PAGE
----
In his frenetically comic, politically charged play "Invasion!" Jonas Hassen Khemiri seeks to shed light on bias and misperception in the public dialogue about immigration and the war on terror.
In the process, the Swedish-Tunisian playwright and novelist exposes a truth about his craft that might not be intuitive — theater can be subversive, even defiant, and at the same time sweetly charming.
This breathless, one-act farce, translated from Swedish to English by Rachel Willson-Broyles, is somewhat scattered and uneven, but Khemiri displays a unique approach to storytelling and theatrical instincts that keep the audience engaged.
The show opened Tuesday at the intimate Flea Theater, making a return to New York after a brief and well-received run last winter at Walkerspace. Both productions were staged by The Play Company, an off-Broadway group dedicated to presenting the work of international playwrights.
Part of the charm of "Invasion!" can be attributed to its likable cast of four. Each actor plays several characters in this abstract — at times disorienting — parable about cultural divides and fear of the unknown.
In Khemiri's play, the unknown is epitomized by a single mysterious name, Abulkasem. The true identity of Abulkasem becomes increasingly clouded as the story unfolds:
— Abulkasem is a Lebanese exterminator (Andrew Guilarte) who saves his earnings to take regular leisure trips to visit his American relatives.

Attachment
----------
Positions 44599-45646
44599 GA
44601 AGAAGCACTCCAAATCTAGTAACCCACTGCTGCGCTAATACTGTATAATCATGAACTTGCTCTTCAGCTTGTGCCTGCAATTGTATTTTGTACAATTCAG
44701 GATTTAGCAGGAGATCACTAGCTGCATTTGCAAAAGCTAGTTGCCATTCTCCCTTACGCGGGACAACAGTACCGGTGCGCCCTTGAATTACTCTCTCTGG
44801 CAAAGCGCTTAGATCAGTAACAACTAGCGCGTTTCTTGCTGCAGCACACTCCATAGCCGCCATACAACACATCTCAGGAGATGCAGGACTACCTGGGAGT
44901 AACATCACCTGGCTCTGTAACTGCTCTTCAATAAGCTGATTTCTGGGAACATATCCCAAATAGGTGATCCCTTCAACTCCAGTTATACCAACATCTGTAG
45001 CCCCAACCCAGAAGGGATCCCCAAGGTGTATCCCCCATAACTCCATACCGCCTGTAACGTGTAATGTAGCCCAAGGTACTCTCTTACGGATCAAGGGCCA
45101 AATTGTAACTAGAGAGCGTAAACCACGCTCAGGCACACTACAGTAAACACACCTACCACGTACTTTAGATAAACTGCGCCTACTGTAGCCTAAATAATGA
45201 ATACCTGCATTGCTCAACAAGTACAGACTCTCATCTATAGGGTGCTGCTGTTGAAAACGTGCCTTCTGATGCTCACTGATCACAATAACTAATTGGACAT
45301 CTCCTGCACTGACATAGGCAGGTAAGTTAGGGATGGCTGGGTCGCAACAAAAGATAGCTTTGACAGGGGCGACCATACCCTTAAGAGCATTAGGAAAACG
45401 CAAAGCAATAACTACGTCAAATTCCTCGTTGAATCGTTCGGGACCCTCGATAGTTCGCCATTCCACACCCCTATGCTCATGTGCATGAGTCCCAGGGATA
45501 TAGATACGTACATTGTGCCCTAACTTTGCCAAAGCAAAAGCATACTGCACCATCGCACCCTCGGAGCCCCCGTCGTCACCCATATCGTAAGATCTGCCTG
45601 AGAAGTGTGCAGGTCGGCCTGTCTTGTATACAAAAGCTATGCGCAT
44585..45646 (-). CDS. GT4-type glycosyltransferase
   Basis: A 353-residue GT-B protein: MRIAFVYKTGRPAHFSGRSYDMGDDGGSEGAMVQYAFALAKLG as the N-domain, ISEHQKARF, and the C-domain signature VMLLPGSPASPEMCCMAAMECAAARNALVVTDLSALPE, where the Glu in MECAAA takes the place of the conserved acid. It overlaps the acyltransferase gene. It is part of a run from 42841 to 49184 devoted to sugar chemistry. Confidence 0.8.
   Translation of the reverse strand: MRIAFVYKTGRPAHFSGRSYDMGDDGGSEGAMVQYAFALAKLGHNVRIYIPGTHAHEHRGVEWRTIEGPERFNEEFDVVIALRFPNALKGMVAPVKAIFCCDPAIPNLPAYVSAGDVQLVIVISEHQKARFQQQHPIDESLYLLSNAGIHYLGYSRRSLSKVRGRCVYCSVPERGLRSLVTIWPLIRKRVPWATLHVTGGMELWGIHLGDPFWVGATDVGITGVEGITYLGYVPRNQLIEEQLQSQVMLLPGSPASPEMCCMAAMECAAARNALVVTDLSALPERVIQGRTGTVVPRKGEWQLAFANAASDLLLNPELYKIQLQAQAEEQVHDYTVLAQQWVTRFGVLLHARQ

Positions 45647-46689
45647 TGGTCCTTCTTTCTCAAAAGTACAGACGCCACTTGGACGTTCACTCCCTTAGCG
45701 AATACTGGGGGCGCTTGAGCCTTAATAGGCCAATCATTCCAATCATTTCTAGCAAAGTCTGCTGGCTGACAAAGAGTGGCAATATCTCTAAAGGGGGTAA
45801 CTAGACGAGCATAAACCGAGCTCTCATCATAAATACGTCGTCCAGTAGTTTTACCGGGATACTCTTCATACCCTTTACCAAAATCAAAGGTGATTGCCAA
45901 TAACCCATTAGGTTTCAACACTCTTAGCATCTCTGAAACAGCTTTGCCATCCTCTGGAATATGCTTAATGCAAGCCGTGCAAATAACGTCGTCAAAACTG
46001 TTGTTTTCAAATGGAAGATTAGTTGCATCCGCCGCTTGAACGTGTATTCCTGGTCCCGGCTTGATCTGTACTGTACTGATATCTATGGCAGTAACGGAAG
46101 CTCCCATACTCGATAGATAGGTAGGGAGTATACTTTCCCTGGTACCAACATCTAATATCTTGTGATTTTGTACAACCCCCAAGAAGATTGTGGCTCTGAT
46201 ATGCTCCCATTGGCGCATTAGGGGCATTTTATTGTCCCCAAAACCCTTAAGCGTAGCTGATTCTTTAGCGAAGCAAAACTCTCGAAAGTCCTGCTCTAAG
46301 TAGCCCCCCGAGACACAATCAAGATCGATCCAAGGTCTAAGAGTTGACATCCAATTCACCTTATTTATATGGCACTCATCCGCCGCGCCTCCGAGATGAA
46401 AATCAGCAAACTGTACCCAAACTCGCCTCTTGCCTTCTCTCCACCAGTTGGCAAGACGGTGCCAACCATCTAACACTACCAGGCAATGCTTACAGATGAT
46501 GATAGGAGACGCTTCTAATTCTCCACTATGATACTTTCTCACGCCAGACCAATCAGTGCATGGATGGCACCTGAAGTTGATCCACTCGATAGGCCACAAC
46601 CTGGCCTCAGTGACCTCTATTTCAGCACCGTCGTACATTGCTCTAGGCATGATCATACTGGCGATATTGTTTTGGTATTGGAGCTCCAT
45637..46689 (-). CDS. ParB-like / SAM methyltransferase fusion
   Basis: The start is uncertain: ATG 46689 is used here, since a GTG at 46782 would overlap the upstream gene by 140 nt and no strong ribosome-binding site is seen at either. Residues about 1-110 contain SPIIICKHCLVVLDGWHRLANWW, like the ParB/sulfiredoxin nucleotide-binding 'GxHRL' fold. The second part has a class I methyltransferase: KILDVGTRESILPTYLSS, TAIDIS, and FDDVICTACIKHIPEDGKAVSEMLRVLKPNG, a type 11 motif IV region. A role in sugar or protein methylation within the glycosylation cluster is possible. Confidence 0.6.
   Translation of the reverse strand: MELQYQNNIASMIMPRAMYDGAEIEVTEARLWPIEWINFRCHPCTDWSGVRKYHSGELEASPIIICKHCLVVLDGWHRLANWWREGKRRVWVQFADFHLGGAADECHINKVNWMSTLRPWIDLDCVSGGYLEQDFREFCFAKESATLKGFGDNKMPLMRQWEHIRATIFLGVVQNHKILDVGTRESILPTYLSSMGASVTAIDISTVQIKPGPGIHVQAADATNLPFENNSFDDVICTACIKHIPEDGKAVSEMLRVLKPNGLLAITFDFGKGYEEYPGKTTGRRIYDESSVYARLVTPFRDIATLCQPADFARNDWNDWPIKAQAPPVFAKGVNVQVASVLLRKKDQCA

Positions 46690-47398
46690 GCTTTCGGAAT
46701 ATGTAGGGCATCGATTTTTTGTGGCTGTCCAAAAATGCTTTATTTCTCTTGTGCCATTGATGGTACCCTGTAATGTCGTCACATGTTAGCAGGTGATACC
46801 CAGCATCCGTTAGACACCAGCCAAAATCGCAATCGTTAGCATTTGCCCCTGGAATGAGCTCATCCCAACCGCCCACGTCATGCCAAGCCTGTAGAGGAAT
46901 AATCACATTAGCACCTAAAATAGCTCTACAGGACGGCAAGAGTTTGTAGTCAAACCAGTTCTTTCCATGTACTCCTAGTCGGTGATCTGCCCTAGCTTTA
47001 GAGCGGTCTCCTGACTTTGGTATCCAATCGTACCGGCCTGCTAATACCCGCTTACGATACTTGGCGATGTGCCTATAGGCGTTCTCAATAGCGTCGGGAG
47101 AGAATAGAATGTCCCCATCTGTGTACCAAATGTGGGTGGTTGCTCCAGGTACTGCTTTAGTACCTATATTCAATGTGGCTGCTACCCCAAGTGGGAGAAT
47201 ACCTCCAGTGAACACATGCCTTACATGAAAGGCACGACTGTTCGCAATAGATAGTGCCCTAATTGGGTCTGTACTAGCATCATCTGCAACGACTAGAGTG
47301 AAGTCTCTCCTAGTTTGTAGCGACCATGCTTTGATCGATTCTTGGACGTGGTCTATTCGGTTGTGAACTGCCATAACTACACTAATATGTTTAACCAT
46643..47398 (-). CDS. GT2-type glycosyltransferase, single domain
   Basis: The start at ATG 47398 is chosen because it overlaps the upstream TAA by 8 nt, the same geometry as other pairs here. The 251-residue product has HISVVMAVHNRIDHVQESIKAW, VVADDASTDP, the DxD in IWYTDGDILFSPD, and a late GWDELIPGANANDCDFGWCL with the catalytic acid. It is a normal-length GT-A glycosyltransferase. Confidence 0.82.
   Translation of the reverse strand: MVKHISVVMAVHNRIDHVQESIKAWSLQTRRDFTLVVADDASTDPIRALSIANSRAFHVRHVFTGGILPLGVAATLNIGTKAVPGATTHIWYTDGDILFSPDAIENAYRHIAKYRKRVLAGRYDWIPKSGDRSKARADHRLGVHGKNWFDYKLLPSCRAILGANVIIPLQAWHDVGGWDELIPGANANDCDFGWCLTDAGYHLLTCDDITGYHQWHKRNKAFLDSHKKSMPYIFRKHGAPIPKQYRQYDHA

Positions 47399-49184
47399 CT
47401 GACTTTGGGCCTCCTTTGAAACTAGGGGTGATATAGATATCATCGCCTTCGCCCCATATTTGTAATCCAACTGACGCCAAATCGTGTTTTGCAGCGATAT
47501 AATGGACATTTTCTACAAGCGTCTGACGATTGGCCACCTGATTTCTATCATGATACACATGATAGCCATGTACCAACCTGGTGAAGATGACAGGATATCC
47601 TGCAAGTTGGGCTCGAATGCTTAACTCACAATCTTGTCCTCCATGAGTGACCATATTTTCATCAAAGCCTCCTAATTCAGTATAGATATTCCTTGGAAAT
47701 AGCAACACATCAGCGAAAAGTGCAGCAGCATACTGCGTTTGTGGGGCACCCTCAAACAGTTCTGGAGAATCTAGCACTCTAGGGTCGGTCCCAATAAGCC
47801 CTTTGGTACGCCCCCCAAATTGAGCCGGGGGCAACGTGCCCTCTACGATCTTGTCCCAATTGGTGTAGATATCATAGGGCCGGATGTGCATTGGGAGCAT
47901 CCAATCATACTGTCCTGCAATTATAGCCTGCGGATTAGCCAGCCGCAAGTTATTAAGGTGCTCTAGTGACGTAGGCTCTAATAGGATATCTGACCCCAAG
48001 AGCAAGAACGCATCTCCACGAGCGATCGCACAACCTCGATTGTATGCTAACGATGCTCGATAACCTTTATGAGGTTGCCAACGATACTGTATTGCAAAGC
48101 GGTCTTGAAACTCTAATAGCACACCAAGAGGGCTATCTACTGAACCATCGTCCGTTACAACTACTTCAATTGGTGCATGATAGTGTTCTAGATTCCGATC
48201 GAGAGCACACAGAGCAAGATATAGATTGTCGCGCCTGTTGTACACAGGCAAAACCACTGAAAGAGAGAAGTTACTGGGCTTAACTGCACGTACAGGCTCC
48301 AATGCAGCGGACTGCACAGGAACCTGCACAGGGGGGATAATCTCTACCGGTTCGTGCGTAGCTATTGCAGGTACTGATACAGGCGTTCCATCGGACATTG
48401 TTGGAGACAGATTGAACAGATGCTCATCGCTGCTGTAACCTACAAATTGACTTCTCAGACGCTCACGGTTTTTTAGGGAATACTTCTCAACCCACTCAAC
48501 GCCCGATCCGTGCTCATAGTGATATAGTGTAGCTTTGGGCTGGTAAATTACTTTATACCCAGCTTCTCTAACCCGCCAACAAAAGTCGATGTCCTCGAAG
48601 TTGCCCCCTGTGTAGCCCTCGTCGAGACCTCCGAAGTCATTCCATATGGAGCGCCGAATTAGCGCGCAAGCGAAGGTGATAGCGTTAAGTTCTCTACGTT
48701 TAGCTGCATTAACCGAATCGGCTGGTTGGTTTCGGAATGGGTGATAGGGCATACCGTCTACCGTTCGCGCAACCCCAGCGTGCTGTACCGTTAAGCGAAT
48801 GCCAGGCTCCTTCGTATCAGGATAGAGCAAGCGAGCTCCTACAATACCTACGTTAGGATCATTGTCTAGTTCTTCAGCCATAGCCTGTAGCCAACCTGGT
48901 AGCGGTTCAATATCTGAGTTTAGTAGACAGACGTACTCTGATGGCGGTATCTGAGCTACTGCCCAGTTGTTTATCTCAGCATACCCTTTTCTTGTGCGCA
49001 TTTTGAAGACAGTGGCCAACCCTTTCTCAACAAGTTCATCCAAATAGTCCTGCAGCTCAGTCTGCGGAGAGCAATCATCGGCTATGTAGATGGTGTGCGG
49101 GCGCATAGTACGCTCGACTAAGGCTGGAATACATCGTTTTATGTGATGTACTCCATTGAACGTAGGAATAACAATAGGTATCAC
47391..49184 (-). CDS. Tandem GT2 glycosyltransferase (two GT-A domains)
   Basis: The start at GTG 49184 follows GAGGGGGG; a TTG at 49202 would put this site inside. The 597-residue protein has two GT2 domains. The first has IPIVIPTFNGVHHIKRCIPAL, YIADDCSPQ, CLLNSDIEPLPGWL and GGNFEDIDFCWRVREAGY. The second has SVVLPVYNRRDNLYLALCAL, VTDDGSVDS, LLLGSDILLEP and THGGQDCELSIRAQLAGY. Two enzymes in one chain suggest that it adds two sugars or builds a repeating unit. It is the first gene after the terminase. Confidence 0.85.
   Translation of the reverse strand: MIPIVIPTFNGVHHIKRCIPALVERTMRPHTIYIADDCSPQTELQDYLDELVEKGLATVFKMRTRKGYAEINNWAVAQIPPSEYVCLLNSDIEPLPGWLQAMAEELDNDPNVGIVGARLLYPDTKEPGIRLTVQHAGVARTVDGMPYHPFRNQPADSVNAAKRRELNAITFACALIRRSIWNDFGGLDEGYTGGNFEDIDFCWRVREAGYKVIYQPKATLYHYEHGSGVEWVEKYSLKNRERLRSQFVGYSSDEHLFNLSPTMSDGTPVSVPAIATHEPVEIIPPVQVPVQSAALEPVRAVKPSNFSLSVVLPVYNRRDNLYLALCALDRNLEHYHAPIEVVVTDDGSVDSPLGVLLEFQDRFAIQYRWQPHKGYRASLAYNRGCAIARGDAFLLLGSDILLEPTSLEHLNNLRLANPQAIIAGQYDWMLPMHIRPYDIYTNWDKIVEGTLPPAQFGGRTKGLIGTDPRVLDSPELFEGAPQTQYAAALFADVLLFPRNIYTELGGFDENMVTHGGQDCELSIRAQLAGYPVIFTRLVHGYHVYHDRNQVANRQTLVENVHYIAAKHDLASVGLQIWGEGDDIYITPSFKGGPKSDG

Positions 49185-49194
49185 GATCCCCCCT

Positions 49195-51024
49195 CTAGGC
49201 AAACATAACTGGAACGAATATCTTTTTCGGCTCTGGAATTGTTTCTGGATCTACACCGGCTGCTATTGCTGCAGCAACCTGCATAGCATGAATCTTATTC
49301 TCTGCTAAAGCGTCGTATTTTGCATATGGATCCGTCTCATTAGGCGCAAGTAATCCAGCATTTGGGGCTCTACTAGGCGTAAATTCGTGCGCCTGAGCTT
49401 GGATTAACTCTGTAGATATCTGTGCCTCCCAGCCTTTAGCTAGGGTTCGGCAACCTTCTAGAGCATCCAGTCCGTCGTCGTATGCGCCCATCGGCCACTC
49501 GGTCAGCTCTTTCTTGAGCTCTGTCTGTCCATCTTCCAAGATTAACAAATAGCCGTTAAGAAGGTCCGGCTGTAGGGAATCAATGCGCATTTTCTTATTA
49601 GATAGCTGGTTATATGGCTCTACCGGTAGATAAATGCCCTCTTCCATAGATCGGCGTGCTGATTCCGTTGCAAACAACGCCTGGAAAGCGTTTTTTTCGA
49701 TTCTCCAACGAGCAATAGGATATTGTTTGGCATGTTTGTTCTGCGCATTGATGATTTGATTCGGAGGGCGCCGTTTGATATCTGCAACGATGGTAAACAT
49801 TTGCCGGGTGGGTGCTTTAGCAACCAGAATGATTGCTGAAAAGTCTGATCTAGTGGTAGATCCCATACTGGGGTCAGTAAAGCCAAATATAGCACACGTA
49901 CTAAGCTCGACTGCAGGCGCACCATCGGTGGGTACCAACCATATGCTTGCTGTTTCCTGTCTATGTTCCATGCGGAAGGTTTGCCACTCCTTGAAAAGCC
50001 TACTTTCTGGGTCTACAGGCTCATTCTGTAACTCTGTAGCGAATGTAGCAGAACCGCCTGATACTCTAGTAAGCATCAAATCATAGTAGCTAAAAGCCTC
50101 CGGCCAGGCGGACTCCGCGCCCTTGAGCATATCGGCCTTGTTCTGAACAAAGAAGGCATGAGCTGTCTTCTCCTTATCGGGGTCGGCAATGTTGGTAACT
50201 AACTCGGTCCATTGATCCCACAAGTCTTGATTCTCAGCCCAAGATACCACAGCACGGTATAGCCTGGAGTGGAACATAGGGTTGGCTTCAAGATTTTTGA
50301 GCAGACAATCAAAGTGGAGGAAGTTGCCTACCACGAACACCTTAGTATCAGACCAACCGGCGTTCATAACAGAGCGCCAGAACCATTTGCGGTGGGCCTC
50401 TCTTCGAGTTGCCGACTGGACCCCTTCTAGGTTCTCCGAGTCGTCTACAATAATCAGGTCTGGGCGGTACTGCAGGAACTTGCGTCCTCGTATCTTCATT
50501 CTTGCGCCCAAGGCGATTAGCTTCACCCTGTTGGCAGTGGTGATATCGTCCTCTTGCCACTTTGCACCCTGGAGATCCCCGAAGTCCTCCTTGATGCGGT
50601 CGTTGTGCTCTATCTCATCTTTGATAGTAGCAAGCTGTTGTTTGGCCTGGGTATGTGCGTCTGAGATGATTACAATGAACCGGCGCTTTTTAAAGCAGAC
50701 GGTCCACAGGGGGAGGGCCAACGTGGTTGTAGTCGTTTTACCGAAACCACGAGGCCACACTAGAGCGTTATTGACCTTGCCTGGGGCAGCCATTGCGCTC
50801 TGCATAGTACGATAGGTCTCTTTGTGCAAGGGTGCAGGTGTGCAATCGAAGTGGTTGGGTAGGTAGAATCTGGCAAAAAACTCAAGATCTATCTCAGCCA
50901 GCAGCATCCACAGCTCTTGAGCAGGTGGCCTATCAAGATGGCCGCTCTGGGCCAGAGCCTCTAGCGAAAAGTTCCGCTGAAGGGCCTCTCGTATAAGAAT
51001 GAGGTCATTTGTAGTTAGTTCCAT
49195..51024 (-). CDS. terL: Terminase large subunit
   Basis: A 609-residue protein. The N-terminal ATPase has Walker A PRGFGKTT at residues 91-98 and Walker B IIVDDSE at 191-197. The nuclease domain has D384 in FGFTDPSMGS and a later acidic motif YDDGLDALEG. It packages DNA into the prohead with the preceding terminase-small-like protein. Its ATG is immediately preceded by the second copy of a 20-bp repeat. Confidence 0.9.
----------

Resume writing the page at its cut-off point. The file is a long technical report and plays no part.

— Abulkasem is an Arabic-speaking apple picker (Guilarte) who is seeking asylum in the U.S.
— Abulkasem is a "famous" stage director invented by a drama student, Lara, (Francis Benhamou) during a discussion with her seminar group.
The name is even used as a verb and an adjective by brash, New York City teens, Arvind (Nick Choksi) and Yousef (Bobby Moreno), to express a seemingly endless number of things.
Most importantly, and regardless of true identity, Abulkasem is a person of interest to terrorist-hunting authorities, who present yet another version of an ever-evolving truth.
"Invasion!" runs about 90 minutes and flows freely under the direction of Erica Schmidt, who directed the Walkerspace production as well.
Three of the four cast members are also holdovers, excluding Choksi, who evokes choruses of laughter as the young, sweet-talking Arvind.
Guilarte is also sidesplittingly funny as the apple-picking asylum seeker in what might be the show's most hilarious scene, and its most discomforting.
The apple picker enlists the help of an English translator to tell his story, but it turns out the translator (Benhamou) has an agenda of her own.
As the suspect goes on in Arabic about his adoration for American musicals, while singing bits of his favorite show tunes, the translator instead paints his statement as an anti-American rant by a jihadist bent on destruction.
This odd juxtaposition of humor and despair works surprisingly well and makes Khemiri's play both distinctive and memorable.
Willson-Broyles' English translation lacks freshness at times, particularly in scenes featuring Arvind and Yousef and in another when Lara unleashes a string of expletives after getting locked out of her apartment.
The creative team takes chances throughout and many pay off, but not all.
In scenes featuring a panel of intelligence experts, white lights shine outward from the stage so brightly they make the audience feel like they're the ones being interrogated. The effect may have been intended, but unnecessary nonetheless.
Despite these and other small failings, "Invasion!" — at the Flea through Oct. 1 — remains highly theatrical and original, no matter whom Abulkasem really is.